Tuesday, October 13, 2015

End of the Drive (The Sacketts #7)

End of the Drive is the seventh book in The Sacketts series by Louis L'Amour. Available at Amazon, Barnes and Noble, and BooksAMillion.

My reviews of previous books in the series can be found here:
Sackett's Land
To The Far Blue Mountains
The Warrior's Path
Jubal Sackett
Ride the River
The Daybreakers
The Blurb

BEST OF THE WEST

A veteran trail driver, who has survived thundering stampedes and Comanche raids, discovers there’s nothing so dangerous as courting a beautiful woman. . . . A brutally beaten homesteader crawls off to die—only to stumble upon an ancient talisman that restores his will to live. . . . This treasure trove of stories captures the grit, grandeur, and the glory of the men and women who wielded pistol and plow, Bible and branding iron to tame a wild country. A mysterious preacher rides into town to deliver a warning that leads to a surprising revelation. . . . And in the full-length novella Rustler Roundup, the hardworking citizens of a law-abiding town are pushed to the edge as rumors of rustlers in their midst threaten to turn neighbor against neighbor. Each of these unforgettable tales bears the master’s touch—comic twists, stark realism, crackling suspense—all the elements that have made Louis L’Amour an American legend.



My Review
End of the Drive by Louis L'Amour
My rating: 4 of 5 stars
I'm a lover of short story collections though, to be fair, this is a collection of seven short stories and one novella. My biggest complaint is printing typos; a good editor should've caught them.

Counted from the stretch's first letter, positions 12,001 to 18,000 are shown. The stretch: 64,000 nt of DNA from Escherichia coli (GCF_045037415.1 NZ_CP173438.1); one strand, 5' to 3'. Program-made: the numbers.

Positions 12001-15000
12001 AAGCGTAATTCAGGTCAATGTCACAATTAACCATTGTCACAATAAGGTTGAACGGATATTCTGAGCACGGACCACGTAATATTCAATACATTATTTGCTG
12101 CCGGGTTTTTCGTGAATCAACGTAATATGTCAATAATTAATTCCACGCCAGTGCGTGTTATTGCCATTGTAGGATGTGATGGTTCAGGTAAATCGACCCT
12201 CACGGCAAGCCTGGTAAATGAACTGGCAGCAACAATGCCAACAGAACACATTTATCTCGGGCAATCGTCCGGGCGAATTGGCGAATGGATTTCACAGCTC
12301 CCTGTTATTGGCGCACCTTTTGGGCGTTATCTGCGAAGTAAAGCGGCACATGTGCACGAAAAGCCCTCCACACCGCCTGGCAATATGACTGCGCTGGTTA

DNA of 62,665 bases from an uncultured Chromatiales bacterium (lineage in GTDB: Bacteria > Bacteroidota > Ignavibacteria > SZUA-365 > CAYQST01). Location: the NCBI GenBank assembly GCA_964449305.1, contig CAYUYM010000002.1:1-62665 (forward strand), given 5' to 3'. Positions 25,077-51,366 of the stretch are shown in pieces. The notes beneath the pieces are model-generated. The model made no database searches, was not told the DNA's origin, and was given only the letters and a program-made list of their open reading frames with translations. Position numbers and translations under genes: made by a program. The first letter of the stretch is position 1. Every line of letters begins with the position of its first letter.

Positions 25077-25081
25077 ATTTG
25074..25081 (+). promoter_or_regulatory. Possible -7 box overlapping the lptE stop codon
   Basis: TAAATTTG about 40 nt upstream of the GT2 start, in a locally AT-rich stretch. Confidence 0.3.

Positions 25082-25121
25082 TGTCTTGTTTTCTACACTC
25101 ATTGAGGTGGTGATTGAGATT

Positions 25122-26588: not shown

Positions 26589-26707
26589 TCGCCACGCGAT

L'Amour gets a lot of beef for using stereotypical ethnic tropes, particularly in regards to Native Americans, but I know there's a big difference between a Hollywood Indian and a real Native American and I expect other readers, with exception to the very young, to also know the difference.

L'Amour played with the tools of the trade that were available to him. He wrote these books in a time when ethnicity wasn't emphasized (or sometimes erased) by the arts industry and L'Amour still found small ways to work in real information about Native Americans. For instance - Hollywood gave us the image of an Indian greeting -with no specification to tribe- by saying how and bobbing a hand over the mouth. In this book, L'Amour works in the correct way to use the Lakota greeting hau kola, "how kola," with no hand bobbing.

His predecessors most certainly did not attempt this so L'Amour may have played a role in breaking those stereotypes within the arts community. He also preserves some of the atrocities that have been done to ethnic groups. You have only to read his books to see what Native Americans are talking about when they discuss persecution and I wish these books were more often utilized as a tool for that means.


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